Protein blocks are structural prototypes defined by de Brevern et al.  (see also references  & ). Their main interest is to modelize a 3-dimension local structure into a 1-dimension sequence. In principle, any conformation of any amino acid could be represented by one of the sixteen available protein blocks (Figure 1).
Figure 1. Schematic representation of the sixteen protein blocks, labeled from a to p. (Creative commons CC BY). Larger picture available here
In the following example, the 3D structure of the barstar protein in Figure 2 is expressed in term of protein blocks:
The conformations of the 89 residues are translated into a sequence of 89 protein blocks. Note that "Z" is a default name given to amino acid for which a protein block cannot be assigned. Indeed, the assignation procedure for a given residue also requires the conformation of the two residues placed before and the two residues placed after the residue under consideration. Therefore, a protein block cannot be assigned to the two first (N-termini) and two last (C-termini) residues of a polypeptide chain.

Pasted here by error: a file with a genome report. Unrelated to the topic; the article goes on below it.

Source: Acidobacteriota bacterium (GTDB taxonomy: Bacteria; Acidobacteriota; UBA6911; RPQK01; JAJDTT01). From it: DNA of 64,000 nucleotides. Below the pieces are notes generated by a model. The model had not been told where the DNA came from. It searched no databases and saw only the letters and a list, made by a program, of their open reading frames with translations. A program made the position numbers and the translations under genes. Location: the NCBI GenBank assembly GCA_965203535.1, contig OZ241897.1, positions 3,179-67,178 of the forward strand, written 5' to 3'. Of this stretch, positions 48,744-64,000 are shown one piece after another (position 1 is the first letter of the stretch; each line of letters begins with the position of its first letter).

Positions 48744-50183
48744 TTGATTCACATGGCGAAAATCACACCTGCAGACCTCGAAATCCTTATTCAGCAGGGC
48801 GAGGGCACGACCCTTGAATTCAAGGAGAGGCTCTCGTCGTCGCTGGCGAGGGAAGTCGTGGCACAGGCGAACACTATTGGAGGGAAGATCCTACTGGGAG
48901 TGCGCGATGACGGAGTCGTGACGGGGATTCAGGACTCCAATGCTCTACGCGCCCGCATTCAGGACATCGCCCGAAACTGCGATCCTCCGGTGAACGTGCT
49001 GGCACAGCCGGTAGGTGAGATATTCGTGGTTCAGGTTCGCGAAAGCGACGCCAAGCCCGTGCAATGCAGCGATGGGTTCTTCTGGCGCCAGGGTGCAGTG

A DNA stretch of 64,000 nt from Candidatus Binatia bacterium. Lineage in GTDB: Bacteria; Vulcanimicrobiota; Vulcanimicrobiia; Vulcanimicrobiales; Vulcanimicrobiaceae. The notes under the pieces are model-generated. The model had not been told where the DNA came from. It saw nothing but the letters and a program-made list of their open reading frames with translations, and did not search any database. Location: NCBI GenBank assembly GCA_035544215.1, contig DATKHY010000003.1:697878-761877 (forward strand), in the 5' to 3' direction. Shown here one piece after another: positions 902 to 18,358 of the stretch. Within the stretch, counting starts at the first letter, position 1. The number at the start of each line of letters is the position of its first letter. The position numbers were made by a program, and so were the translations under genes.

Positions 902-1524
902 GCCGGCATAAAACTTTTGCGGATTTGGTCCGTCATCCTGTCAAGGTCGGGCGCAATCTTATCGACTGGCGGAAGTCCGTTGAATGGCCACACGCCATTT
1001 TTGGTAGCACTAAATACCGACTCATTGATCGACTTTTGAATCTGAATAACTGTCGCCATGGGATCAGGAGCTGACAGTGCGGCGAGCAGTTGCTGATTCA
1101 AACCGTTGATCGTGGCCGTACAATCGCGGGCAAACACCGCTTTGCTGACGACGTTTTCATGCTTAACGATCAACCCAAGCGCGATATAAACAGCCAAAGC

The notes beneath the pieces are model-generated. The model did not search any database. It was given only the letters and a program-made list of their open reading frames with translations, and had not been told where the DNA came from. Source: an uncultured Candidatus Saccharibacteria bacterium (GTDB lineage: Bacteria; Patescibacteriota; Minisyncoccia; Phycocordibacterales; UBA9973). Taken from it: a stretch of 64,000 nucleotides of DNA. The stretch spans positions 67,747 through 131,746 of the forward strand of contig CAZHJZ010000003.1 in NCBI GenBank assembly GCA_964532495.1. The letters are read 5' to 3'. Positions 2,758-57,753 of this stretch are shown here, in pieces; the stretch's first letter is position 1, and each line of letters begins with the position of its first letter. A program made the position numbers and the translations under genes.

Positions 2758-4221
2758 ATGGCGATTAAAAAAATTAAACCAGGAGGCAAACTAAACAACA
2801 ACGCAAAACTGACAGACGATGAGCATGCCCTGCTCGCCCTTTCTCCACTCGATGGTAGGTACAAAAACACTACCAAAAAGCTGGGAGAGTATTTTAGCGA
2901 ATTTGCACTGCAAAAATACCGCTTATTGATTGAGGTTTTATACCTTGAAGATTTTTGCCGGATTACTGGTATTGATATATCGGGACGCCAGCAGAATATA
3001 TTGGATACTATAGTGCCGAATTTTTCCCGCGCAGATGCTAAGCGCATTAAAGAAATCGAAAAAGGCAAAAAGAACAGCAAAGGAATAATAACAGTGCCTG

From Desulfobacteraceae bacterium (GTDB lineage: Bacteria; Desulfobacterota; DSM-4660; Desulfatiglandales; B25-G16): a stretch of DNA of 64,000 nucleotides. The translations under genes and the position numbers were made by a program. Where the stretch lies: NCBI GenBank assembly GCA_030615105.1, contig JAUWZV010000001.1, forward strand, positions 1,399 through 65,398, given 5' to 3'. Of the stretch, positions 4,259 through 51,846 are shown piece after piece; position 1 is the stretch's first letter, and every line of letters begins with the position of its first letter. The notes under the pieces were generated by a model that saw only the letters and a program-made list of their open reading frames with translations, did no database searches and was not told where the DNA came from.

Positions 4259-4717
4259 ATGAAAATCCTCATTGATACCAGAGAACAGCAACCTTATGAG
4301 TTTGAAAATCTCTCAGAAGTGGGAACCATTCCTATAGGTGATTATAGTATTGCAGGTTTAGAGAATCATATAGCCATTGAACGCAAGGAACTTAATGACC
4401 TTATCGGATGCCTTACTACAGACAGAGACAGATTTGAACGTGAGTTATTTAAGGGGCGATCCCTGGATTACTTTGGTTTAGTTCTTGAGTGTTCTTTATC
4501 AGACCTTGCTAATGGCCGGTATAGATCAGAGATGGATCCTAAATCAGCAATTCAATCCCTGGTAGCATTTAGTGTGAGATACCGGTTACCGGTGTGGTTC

Figure 2. 3D representation of the barstar protein (PDB ID 1AY7, chain B) (Creative commons CC BY)
 A. G. de Brevern, C. Etchebest and S. Hazout Bayesian probabilistic approach for predicting backbone structures in terms of protein blocks Proteins 41: 271-287 (2000). HAL